Lawmakers eye spending an additional $270M on services for refugees
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The Gov. Ron DeSantis administration supports the increased funding, most of which is paid for with federal dollars.

Florida legislators are poised to sign off on spending close to $270 million to provide services to immigrants, including money that would be used to help 51,000 refugees who have resettled in the state obtain health assessments and immunizations.

The Gov. Ron DeSantis administration has asked the Legislative Budget Commission to approve the spending, with most of the funding coming from the federal government.

Most of those in line to receive health assessments and immunizations — 31,000 people — are living in Miami Dade County, which — as of two months ago — didn’t have available appointments before August 2024.

Without additional funding, the refugees won’t be able to get those immunizations within their eight-month window of eligibility. As a result, the budget documents show, they “could put the health of all Floridians at risk from the spread of communicable diseases.”

The legislative budget panel has been asked to let the Department of Health (DOH) spend an additional $33.4 million in state and federal dollars to expedite the appointments. The DOH plans to increase part-time staff in all county health departments, increase pay for some health care providers in the MDCHD, and contract with outside providers.

The federal Refugee Resettlement Program was created to help resettle refugees and to assist them in quickly becoming economically self-sufficient after their arrival to the United States. In Florida, the program is administered by the Department of Children and Families (DCF) but it delegates the responsibility of administering the health care services to DOH. 

The 51,000-person waitlist was based on July data, according to the budget documents, and could have increased since then.

Thirty-two county health departments across the state provide health assessment and immunization services to eligible clients. Specifically, lawmakers have been asked to allow DOH to spend $15,470,615 from the County Health Department Trust Fund and another $17,930,200 from the Federal Grants Trust Fund.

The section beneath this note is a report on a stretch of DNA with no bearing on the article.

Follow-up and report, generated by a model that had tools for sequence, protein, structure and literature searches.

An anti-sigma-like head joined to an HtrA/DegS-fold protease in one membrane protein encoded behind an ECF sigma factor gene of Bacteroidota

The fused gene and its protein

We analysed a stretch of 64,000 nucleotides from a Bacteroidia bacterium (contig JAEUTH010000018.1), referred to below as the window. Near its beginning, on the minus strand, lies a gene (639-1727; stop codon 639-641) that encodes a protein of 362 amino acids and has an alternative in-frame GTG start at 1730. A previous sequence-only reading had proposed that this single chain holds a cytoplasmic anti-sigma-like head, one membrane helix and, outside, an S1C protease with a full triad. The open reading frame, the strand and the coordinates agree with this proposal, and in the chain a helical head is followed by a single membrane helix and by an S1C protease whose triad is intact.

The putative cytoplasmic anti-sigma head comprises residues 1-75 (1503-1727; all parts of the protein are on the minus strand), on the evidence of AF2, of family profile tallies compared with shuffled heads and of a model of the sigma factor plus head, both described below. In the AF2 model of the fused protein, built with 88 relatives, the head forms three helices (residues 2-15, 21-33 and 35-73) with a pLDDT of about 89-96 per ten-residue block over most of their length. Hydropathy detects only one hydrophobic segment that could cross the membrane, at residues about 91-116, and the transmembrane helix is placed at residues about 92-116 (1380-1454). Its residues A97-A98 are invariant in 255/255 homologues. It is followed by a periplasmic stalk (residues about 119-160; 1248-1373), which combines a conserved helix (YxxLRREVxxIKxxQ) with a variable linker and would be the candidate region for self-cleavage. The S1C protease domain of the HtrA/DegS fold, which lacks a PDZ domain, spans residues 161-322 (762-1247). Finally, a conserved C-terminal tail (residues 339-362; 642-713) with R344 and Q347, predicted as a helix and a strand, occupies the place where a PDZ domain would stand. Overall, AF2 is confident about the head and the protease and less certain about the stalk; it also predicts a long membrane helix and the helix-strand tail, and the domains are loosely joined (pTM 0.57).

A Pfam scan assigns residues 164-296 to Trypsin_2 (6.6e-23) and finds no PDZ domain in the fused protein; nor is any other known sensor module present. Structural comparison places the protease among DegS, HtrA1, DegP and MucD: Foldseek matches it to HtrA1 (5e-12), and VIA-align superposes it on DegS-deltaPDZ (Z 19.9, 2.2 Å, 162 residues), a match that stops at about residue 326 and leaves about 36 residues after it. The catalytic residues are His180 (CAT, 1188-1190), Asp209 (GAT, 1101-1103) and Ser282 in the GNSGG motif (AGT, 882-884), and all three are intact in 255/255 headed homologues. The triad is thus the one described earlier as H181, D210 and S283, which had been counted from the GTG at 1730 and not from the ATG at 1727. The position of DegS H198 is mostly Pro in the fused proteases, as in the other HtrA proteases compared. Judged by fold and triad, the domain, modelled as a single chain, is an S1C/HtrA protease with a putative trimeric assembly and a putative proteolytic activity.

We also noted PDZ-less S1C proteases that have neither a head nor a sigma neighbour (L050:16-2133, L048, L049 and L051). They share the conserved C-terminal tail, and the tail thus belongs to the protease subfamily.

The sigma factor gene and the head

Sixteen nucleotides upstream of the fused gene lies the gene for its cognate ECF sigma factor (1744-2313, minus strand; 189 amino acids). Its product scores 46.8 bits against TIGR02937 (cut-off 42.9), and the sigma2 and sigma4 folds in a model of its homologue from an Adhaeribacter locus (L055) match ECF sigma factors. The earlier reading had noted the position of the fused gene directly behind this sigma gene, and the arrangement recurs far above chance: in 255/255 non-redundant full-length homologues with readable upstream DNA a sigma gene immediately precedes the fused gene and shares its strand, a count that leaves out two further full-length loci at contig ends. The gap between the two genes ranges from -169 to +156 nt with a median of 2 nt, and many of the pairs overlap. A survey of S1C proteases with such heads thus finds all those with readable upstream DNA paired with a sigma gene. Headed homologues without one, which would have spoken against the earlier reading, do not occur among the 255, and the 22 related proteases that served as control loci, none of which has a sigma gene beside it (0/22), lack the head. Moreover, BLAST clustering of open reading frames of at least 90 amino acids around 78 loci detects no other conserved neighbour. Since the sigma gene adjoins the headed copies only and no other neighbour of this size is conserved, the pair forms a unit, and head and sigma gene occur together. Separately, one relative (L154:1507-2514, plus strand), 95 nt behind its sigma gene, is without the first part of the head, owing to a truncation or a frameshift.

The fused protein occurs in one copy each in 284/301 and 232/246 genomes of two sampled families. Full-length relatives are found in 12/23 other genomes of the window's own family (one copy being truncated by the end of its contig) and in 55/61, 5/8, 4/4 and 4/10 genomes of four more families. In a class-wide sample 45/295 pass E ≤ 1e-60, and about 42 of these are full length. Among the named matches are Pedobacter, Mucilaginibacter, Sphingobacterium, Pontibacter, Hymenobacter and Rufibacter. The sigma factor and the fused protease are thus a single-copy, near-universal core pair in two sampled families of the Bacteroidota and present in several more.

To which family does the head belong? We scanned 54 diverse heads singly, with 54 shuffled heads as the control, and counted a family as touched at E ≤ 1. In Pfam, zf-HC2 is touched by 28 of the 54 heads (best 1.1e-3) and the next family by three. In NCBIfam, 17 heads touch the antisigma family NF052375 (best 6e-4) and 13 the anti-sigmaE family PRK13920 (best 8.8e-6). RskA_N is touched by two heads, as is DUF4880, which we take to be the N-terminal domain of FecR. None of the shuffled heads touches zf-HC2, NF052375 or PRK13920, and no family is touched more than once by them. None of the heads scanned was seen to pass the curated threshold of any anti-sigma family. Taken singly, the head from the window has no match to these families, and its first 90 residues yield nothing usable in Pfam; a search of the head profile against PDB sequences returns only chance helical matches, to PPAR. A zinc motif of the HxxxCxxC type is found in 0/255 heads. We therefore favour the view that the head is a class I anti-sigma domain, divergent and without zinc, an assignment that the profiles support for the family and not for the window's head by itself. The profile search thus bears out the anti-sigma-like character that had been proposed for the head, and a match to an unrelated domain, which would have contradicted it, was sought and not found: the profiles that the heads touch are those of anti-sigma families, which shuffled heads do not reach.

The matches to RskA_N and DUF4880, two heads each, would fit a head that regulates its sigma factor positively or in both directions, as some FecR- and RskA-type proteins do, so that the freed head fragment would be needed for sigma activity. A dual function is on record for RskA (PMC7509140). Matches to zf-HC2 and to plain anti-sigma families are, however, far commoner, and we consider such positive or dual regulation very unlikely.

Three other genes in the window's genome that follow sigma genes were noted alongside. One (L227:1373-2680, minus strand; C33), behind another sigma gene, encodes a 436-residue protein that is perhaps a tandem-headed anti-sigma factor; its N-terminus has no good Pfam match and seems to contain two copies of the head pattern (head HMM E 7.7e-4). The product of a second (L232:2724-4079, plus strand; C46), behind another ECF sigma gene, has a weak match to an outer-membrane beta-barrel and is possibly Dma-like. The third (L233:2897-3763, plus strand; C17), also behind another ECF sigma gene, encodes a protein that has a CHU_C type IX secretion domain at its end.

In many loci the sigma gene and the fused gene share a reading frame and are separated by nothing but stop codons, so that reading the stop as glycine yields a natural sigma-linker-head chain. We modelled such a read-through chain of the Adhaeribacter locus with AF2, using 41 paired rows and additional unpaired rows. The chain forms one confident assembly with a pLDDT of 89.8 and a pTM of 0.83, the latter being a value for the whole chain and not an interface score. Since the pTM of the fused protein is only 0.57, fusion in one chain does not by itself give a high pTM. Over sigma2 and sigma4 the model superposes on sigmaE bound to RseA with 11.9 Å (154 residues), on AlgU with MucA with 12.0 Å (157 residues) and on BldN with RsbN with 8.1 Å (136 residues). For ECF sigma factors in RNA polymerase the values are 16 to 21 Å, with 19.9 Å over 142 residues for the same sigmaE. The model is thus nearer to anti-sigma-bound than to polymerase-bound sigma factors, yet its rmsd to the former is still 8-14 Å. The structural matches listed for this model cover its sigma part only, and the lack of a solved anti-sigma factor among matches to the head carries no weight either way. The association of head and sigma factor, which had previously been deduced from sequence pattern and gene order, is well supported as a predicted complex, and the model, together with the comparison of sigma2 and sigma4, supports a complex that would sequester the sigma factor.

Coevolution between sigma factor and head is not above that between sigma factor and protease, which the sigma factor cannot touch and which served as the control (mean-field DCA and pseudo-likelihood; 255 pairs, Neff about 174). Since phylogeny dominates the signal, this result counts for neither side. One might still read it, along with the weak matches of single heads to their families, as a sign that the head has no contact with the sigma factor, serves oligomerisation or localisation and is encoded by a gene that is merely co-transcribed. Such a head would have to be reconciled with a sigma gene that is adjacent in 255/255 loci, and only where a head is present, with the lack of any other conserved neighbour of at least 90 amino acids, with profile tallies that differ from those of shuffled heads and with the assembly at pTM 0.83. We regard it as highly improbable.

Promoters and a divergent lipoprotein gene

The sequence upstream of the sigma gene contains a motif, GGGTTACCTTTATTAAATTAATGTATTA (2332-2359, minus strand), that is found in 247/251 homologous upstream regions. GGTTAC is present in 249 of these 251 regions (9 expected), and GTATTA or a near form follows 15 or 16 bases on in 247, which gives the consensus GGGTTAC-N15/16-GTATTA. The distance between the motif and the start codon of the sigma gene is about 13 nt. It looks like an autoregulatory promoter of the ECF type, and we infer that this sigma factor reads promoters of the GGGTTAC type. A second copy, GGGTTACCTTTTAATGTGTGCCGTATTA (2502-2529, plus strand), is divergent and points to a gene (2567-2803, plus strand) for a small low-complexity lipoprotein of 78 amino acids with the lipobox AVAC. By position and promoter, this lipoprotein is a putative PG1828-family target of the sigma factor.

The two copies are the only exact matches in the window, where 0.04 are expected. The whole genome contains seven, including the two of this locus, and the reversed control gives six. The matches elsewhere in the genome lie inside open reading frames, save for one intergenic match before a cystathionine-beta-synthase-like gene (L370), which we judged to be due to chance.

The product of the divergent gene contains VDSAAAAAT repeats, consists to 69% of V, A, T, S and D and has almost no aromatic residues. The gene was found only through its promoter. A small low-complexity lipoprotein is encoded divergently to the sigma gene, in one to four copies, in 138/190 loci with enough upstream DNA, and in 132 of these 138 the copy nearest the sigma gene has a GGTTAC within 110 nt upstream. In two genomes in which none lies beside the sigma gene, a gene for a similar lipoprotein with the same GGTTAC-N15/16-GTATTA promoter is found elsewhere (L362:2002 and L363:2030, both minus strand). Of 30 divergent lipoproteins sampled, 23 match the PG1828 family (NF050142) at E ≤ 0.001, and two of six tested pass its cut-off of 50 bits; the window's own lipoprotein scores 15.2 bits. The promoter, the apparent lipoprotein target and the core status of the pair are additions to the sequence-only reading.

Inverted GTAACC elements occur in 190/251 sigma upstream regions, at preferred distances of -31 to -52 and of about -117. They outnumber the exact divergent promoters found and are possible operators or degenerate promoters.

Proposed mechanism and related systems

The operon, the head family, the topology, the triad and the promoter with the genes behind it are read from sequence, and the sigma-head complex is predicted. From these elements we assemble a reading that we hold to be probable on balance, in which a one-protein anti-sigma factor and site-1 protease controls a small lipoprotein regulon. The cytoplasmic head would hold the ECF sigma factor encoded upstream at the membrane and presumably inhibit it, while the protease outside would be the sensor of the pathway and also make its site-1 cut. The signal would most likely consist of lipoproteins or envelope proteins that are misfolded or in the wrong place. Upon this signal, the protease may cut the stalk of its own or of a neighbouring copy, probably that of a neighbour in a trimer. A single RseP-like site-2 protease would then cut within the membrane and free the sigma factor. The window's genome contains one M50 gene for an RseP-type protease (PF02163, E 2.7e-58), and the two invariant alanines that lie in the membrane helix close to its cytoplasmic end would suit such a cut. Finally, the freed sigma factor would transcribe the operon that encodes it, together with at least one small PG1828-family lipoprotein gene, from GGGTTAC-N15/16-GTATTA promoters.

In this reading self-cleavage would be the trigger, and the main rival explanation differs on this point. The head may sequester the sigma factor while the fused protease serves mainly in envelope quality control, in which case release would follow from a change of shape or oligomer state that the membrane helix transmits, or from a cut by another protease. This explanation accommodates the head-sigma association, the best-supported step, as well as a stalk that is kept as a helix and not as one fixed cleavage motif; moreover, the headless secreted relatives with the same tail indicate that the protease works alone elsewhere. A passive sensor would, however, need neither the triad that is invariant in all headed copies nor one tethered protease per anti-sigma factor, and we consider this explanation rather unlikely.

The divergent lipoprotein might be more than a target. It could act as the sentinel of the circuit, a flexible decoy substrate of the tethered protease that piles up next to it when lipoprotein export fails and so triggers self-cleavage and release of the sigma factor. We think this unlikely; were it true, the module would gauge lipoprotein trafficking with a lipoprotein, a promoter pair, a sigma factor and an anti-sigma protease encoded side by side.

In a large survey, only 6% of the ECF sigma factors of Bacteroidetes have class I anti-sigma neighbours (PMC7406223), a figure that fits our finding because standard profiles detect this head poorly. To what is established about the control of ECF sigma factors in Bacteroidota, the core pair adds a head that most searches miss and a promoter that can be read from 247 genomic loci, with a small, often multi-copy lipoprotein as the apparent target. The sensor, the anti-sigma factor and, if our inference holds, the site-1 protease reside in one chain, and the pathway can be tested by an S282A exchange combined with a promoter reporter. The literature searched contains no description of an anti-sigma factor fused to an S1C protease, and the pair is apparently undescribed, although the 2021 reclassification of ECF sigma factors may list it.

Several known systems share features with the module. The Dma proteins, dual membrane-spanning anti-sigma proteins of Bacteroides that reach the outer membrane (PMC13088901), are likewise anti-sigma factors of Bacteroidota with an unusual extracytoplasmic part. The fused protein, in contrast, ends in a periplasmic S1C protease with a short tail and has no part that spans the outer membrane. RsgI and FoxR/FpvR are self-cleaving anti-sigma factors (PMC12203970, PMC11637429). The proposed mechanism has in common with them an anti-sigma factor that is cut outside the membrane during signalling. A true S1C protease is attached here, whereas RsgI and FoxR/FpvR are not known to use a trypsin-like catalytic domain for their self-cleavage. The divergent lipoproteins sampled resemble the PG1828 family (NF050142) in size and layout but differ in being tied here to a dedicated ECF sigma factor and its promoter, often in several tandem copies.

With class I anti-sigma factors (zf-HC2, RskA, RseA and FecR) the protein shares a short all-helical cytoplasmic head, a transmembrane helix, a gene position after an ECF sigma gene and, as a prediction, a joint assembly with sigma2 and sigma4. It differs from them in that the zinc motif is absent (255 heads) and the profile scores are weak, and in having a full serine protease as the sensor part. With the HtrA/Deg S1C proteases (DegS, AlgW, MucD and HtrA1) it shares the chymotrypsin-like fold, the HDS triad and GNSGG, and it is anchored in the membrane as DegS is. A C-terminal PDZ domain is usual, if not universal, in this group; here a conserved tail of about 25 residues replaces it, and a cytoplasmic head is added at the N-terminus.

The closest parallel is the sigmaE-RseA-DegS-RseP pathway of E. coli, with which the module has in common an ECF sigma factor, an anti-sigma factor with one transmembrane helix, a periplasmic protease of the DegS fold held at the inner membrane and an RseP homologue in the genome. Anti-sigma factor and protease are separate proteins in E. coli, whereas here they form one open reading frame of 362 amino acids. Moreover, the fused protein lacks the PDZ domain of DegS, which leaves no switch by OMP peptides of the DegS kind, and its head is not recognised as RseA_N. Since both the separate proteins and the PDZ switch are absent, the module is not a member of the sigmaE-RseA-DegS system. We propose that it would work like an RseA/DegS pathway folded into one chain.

The Legislative Budget Commission is established in the constitution as well as statute. It is composed of seven members of the House of Representatives and seven members of the Senate. The Commission is required to meet at least quarterly.

In another item, the Commission has been asked to authorize DCF spending nearly $237 million to assist Cuban and Haitian refugees become economically self-sufficient and integrate into communities. The money will be spent on two programs: the Refugee Cash Assistance Program and the Refugee Local Services Program.

The cash is available for refugees who are ineligible for the Temporary Assistance for Needy Families. Qualified refugees can take advantage of the cash assistance for one year. It is estimated that 100,000 recipients a month will tap into the benefit during Fiscal Year 2022-23.

The local services program provides clients access to a range of services, from employment assistance to vocational training to child care. According to budget documents, the local services program, which is administered by local not-for-profits that contract with DCF, also receives targeted funding for Afghan humanitarian and Ukrainian parolees. The program is projected to serve an average of 124,000 recipients in FY 2022-23.

Christine Jordan Sexton

Tallahassee-based health care reporter who focuses on health care policy and the politics behind it. Medicaid, health insurance, workers’ compensation, and business and professional regulation are just a few of the things that keep me busy.


One comment

  • Don’t Look Up

    September 9, 2022 at 12:26 pm

    Let’s work with the Feds to get the refugees green cards so they can work. Nationally the USA has 11 million unfilled jobs! It’s obvious that with such low unemployment and so many unfilled jobs we need more immigration.

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